Left hand to your right knee. Right fingertips behind you, the head on top of the spine. Now brighten the feet, so set the outer edges of the feet into the floor. And begin to play into the twist. You can pull on your right knee with your left hand and you can press your right fingers down but make the arm action really soft.

Secondary to the movement of the spine. And the movement of the torso. Be right up on the sit bones. Feel the earth, feel the space above you and then turning around your own axis. So the spinal bones turn so you can think of low vertebrae turning and turning and turning and then middle vertebrae and whatever little movements help to get into that spine to turn and turn and turn and then even those sort of illusive upper thoracic vertebrae convey turn with curiosity around and around.

So you know that they're bone that's like, hardened solid tissue but inside the spine is very fluid. Very fluid. Open up, open up, open up. Look to the wall. Hey, thank you for being there.

Right, thanks for having my back. And then release, turn forward. Just change the legs simply, come to baddha konasana and place your left shin in front of the right. Draw the toes back beyond the outer edge of your feet. A solid seat.

Breathe in. And as you breathe out turn to the left. So use the legs as you go, it's like fuel for the spine. Kind of spiraling, squeezing energy from the base of the spine upward. Right the sacrum, there's not much if there but then those, those lumbar bones do turn and then there's more available through the thoracic spine.

And then 10 to one we always have some place where we're blind, right? That we don't actually have access to so be open to meeting your own shadow areas. Use your arms gently. The direction of the elbows is away from the mid line. Spacious lungs.

All the way up. Take your time. Gazing inward. Nodding thank you to the wall. And release.

Look forward, shift your legs back to baddha konasana. Alright. Shift back, cross your right shin in front of the left, roll through all fours, downward facing dog. Without the wall. Inhaling and exhaling.

Nice and free and open. And then walk your feet forward, take your hands to your hips, inhale, head up, exhale tadasana. We'll turn towards the wall now. Mkay. So stand in tadasana facing the wall.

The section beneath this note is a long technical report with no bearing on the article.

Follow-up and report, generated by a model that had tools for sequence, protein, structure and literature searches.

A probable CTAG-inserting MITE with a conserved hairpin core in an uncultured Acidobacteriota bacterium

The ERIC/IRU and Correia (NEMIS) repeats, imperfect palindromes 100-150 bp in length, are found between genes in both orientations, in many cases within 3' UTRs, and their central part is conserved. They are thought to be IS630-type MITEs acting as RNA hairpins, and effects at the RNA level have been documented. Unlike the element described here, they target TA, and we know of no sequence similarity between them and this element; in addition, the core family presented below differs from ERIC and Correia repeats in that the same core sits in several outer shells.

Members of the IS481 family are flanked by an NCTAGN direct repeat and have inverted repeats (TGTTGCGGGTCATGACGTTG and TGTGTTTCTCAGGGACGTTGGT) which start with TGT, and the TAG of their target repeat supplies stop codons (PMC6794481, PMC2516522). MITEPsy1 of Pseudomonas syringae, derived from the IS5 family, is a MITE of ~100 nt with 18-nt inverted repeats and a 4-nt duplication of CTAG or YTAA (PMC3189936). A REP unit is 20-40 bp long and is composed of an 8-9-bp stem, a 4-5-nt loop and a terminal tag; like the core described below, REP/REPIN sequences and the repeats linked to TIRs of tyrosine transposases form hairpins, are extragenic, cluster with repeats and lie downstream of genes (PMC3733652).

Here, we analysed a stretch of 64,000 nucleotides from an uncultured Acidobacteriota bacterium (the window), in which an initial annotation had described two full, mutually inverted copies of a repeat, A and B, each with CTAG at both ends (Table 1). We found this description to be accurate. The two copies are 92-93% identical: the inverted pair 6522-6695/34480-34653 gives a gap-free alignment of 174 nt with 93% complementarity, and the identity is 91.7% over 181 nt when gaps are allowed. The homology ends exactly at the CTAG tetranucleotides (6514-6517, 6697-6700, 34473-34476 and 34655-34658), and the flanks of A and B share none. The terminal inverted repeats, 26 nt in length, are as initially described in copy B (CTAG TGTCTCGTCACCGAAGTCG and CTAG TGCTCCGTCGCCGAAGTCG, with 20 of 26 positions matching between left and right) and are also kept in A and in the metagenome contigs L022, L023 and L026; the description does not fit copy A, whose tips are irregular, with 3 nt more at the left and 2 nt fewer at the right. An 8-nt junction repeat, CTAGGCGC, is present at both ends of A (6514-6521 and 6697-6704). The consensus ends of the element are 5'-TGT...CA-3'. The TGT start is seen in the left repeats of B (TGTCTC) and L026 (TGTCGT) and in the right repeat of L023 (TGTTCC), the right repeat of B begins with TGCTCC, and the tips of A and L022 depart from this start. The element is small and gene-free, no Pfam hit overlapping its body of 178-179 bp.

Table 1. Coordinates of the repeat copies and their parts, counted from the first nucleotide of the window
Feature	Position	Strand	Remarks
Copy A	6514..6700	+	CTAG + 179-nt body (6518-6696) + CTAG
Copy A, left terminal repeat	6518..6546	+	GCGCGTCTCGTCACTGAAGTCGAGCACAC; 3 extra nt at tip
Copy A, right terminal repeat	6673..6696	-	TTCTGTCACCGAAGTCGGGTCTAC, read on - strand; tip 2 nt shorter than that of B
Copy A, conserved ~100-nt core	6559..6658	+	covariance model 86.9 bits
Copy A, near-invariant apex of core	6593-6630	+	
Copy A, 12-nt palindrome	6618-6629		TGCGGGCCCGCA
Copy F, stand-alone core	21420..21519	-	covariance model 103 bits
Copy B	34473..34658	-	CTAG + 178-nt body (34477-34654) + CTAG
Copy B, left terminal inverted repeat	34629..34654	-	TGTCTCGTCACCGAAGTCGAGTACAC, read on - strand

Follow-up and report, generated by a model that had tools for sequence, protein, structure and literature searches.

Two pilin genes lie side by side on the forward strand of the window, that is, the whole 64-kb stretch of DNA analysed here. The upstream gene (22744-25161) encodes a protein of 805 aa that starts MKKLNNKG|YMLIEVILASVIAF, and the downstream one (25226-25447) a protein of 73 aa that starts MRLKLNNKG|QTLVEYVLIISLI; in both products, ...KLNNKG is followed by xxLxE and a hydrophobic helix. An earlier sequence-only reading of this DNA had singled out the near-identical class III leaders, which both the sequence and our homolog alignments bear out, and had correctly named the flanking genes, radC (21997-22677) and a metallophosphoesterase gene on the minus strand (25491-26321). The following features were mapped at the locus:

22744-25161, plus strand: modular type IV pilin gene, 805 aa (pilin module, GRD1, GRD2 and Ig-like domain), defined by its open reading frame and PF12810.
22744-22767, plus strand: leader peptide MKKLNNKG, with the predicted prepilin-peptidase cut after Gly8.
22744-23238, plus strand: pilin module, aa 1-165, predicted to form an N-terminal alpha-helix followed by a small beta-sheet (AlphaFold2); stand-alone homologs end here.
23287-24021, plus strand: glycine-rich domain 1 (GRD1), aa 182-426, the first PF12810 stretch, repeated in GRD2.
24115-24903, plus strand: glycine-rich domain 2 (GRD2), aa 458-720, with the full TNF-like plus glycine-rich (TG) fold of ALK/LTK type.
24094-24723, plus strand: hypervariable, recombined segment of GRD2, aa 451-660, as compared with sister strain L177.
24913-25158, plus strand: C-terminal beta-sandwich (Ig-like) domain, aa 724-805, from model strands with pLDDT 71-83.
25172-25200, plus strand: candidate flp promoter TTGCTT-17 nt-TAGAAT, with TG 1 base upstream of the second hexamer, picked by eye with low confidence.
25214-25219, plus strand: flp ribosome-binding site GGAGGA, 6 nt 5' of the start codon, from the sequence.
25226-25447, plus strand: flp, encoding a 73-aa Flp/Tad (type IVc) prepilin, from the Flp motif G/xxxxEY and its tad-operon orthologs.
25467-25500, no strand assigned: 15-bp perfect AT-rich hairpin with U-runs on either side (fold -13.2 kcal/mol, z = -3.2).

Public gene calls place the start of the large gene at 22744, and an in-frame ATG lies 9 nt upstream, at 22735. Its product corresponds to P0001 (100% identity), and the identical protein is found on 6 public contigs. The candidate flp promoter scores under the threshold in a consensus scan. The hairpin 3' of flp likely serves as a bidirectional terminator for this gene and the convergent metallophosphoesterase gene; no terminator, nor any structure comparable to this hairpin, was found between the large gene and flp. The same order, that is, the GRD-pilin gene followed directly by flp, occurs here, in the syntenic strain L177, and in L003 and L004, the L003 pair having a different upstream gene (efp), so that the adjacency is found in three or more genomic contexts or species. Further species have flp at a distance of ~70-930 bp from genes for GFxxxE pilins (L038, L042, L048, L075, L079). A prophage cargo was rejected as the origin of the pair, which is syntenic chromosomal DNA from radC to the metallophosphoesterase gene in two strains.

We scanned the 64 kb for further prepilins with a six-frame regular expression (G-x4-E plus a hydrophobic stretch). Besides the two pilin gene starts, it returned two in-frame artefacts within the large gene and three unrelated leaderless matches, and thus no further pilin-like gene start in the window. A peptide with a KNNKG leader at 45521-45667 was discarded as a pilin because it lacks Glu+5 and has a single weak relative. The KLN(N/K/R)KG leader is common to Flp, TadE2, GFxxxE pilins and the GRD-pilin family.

Take your right leg and place it up on the wall. And so you have to find out how close you need to be to the wall so you really try to make a 90 degree angle between your legs. This can be really, it's deceptively challenging. What we tend to do, is we step the standing leg way back and we're kinda leaning on the wall and that's a more secure place so I'm asking you to kind of, to come into this wobbly area where balance might be an issue. Right foot on the wall.

And as close as possible, left leg parallel, neutral right, so toes are facing the wall. And right leg parallel neutral. It's quite interesting in the pelvis so, send the leg energy into the wall and into the floor. Exhale, relax the ribs. Now hook your thumbs and take the arms up.

And play here any amount of kinda ongelating and encouraging the length of the waist and the openness of the lungs. Woo. Okay. Go a little higher with the hands and begin to twist and open the arms. Left hand can come to the right leg and open the right arm into the space.

So use the wall here and use the floor. They're supporting you. And you get to play in the breath. And the turn of the rib cage. Dropping down through that right sit bone and really standing on that left leg.

Wide in the back. And then inhale, come center, look at the wall, bend the right leg and come to tadasana. And do that little padding action that we started with. A feed into wall, now feed into the floor. Kinda like making your nest.

Making like a cozy relationship to the earth beneath you. Right. This kind of pose like you get in it and you start feeling disconnected. So do whatever you can to drop the breath and feel reconnected. Left foot up on to the wall.

Balance the pelvis. Nice and square. Calm. So, you need that wall, thank you wall. Hook your thumbs and take the arms up, breathing in.

And then open the arms into the space you're in kind of taking in, see where you are. So it's not all about trying to balance against the wall in this challenging position. You're here, you're breathing, your eyes are open. Yeah you wanna encourage the release of the left sit bone down. But, you know if it's not done today maybe tomorrow.

And now turn the ribs. Lungs follow. And spine is supporting the arms. Not the other way around. Arms are not supporting the spine.

At this moment. And then coming up, bring the arms up. Inhale. And exhale, bend that left leg. And push away from the wall.

And take your little padding movement, maybe bending the legs. Little swing in the arms. Mkay. Now we'll do downward facing dog. With your fingers facing the wall, place your fingers about four inches from the wall and walk your legs back.

And find your dog. Find your breath. Plant your hands. So we're gonna take a kick up hand stand here. Step your right foot forward, not too far.

So pretty much under the pelvis, look forward. And then, take an extra swing or a, a kind of setup swing with your left leg. And then come on up to handstand. Bring your legs together. And lengthen them as far up the wall as you can.

And it depends upon your security, you either look at the floor or look into the center of the room. Your left leg is gonna stay on the wall. Send it up high. Kick out through both legs equally and evenly. Keep the hips as balanced as possible.

Now when you start to really split. Look at the wall, floor, reach your top leg and step your right leg down. Balance it out. Do whatever you need to breathe. And to prepare for the other side.

One side invariably is much more challenging than the other. So step your left foot forward. Take a few free swings and kick up into your hand stand. Legs are together, legs are long. Right leg stays up.